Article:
2.1 Sussex Safeguarding Adults Procedures
2.1.1 Preventing harm and abuse
This section outlines a range of strategies and considerations about the prevention of abuse and neglect of adults, from raising public awareness, to utilising approaches that empower the individual to be able to recognise, address and report abuse.
2.1.2 Prevention in safeguarding
The most effective way to safeguard adults from abuse is to enable them to safeguard themselves. For some people this may involve their own support networks, or support or care services, depending on their individual circumstances.
Effective prevention in safeguarding is not about over–protective or risk averse practice. The prevention of abuse should occur in the context of person-centred support and personalisation, with individuals empowered to make choices and be supported to manage risks. Prevention of abuse includes multi-agency working (including information sharing), community safety, community participation and public awareness, as well as awareness raising and skills development with adults at risk.
There are many ways in which people can reduce the risks they may face, including:
- Recognising potential risks to themselves, and considering how they wish to reduce the risks of being harmed or exploited.
- Identifying what strengths, skills, support and networks they could use to avoid potentially abusive situations.
- Being aware of what to do if an abusive situation arises i.e. how to get help, how to report concerns.
All processes and checks for those who work with adults must include measures to avoid abuse occurring, including:
- Staff recruitment and vetting.
- Policies and procedures staff work to, including confidential reporting (whistle-blowing) and complaints procedures.
- Staff induction and training, including safeguarding adults policy and procedures and awareness of abuse and how to raise safeguarding concerns.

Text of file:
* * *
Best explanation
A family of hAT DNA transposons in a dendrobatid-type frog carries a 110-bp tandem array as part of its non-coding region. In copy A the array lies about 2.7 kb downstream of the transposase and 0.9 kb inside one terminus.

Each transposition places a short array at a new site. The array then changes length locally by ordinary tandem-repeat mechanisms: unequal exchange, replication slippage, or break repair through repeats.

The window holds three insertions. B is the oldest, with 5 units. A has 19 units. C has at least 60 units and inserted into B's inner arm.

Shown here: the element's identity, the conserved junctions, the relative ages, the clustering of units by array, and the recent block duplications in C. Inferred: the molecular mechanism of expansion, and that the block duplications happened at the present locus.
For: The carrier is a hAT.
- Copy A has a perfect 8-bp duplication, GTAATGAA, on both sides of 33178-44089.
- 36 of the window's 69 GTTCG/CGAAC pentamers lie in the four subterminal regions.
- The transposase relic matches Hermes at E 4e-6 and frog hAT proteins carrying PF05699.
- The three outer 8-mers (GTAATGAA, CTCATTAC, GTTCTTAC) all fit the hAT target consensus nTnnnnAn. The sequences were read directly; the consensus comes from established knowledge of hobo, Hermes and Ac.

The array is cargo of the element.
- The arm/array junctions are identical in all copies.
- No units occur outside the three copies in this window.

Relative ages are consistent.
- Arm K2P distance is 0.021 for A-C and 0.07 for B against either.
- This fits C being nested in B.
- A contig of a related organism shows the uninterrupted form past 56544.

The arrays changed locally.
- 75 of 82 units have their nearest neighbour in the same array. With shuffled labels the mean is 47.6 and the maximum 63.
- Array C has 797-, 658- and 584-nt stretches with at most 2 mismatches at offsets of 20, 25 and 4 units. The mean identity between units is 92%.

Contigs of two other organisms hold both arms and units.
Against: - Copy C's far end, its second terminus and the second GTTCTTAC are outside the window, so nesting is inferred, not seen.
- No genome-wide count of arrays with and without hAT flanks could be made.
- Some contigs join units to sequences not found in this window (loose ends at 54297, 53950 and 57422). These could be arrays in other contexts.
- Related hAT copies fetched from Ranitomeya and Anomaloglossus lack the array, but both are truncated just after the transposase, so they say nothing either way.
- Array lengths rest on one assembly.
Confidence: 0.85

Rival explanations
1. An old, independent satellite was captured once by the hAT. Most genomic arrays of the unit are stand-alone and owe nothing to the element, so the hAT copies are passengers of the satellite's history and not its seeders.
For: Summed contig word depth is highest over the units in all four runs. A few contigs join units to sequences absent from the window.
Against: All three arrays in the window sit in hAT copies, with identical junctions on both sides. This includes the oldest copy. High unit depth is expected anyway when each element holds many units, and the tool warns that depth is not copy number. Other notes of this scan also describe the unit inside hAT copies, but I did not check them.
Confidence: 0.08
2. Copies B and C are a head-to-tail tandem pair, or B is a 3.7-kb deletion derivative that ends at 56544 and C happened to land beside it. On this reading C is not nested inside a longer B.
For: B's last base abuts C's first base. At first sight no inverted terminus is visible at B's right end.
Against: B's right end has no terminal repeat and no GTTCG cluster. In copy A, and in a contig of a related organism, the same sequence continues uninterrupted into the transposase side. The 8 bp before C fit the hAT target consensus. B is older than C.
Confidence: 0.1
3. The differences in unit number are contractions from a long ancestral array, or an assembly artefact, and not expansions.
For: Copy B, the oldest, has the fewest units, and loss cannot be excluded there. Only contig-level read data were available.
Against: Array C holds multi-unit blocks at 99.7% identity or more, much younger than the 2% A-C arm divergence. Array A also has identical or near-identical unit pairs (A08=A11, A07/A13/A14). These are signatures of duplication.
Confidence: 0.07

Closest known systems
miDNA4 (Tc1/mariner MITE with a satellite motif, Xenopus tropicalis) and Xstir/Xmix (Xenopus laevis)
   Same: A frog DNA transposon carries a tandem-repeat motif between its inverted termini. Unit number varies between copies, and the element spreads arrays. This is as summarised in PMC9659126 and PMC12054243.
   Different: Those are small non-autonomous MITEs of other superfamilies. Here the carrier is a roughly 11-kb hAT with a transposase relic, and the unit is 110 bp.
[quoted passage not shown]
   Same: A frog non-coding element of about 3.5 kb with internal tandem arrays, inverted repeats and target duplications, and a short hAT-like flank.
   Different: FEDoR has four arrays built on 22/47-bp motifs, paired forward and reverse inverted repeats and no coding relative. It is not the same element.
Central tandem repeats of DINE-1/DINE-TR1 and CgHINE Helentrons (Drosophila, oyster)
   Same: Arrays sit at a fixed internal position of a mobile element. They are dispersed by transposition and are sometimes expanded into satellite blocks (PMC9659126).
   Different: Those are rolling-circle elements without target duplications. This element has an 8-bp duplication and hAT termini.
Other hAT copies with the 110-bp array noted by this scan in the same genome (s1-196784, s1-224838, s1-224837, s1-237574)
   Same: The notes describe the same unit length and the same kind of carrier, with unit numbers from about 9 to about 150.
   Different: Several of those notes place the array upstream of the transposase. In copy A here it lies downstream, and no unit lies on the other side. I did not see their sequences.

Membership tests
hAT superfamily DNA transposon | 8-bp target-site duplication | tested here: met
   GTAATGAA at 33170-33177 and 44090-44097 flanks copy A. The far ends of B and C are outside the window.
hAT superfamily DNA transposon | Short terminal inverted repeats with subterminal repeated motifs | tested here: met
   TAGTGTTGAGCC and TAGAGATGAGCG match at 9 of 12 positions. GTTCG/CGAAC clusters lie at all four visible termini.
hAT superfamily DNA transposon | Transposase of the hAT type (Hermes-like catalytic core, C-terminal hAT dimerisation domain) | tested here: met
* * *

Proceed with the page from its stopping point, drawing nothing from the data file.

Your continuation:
- Staff supervision and support.
- Professional codes of conduct or practice and relevant service standards e.g. compliance with standards as detailed by the Care Quality Commission.
Employers should ensure they:
- Meet their responsibilities for obtaining Disclosure & Barring Service (DBS) checks and referring to the DBS and relevant professional bodies.
- Meet their professional responsibilities under employment and other legislation.
- Have robust management systems in place for training and support.
Agencies and organisations must have a local policy and procedure in place detailing how these processes will be implemented to safeguard adults. If managers are not upholding their responsibilities this could leave adults at risk of abuse.
Commissioning for better outcomes
Safeguarding should be integral to the commissioning process for care services.
SCIE have produced guides to support NHS and local authority commissioners of care homes to ensure that safeguarding is central to the commissioning process and a primary concern for residential and nursing care home providers.
Family and Friends as Carers
Family and friends as carers are often the mainstay of ensuring that people are protected from abuse and as such they should be supported and aided in this task. Carers could be at risk of abuse themselves due to their caring role. Carers are entitled to an assessment of their needs in their own right.
It is important to ensure that family and friends as carers are aware of how to get advice and help when needed, to support them and avoid potential risk of abuse to them or the adult. All carers should have access to information regarding the Sussex Safeguarding Adults Policy and Procedures, so they can recognise and prevent abuse, raise concerns and seek advice or support where needed.
2.1.3 Promoting wellbeing
All organisations working with adults who are, or may be at risk of, abuse and neglect, must aim to ensure that adults in their care remain safeguarded from harm. This should underpin every activity through effective safeguarding adults work.
The Care Act states that local authorities must promote wellbeing when carrying out any of their care and support functions in respect of a person. This may sometimes be referred to as ‘the wellbeing principle’ because it is a guiding principle that puts wellbeing at the heart of care and support.
‘Wellbeing’ is a broad concept, and it is described as relating to the following areas:
- Personal dignity (including treatment of the individual with respect).
- Physical and mental health and emotional wellbeing.
- Protection from abuse and neglect.
- Control by the individual over their day-to-day life.
- Participation in work, education, training or recreation.
- Social and economic wellbeing.
- Domestic, family and personal.
- Suitability of accommodation.
- The individual’s contribution to society.
The wellbeing principle should apply to all agencies involved in safeguarding adults.
Diagram 1: Wellbeing Principles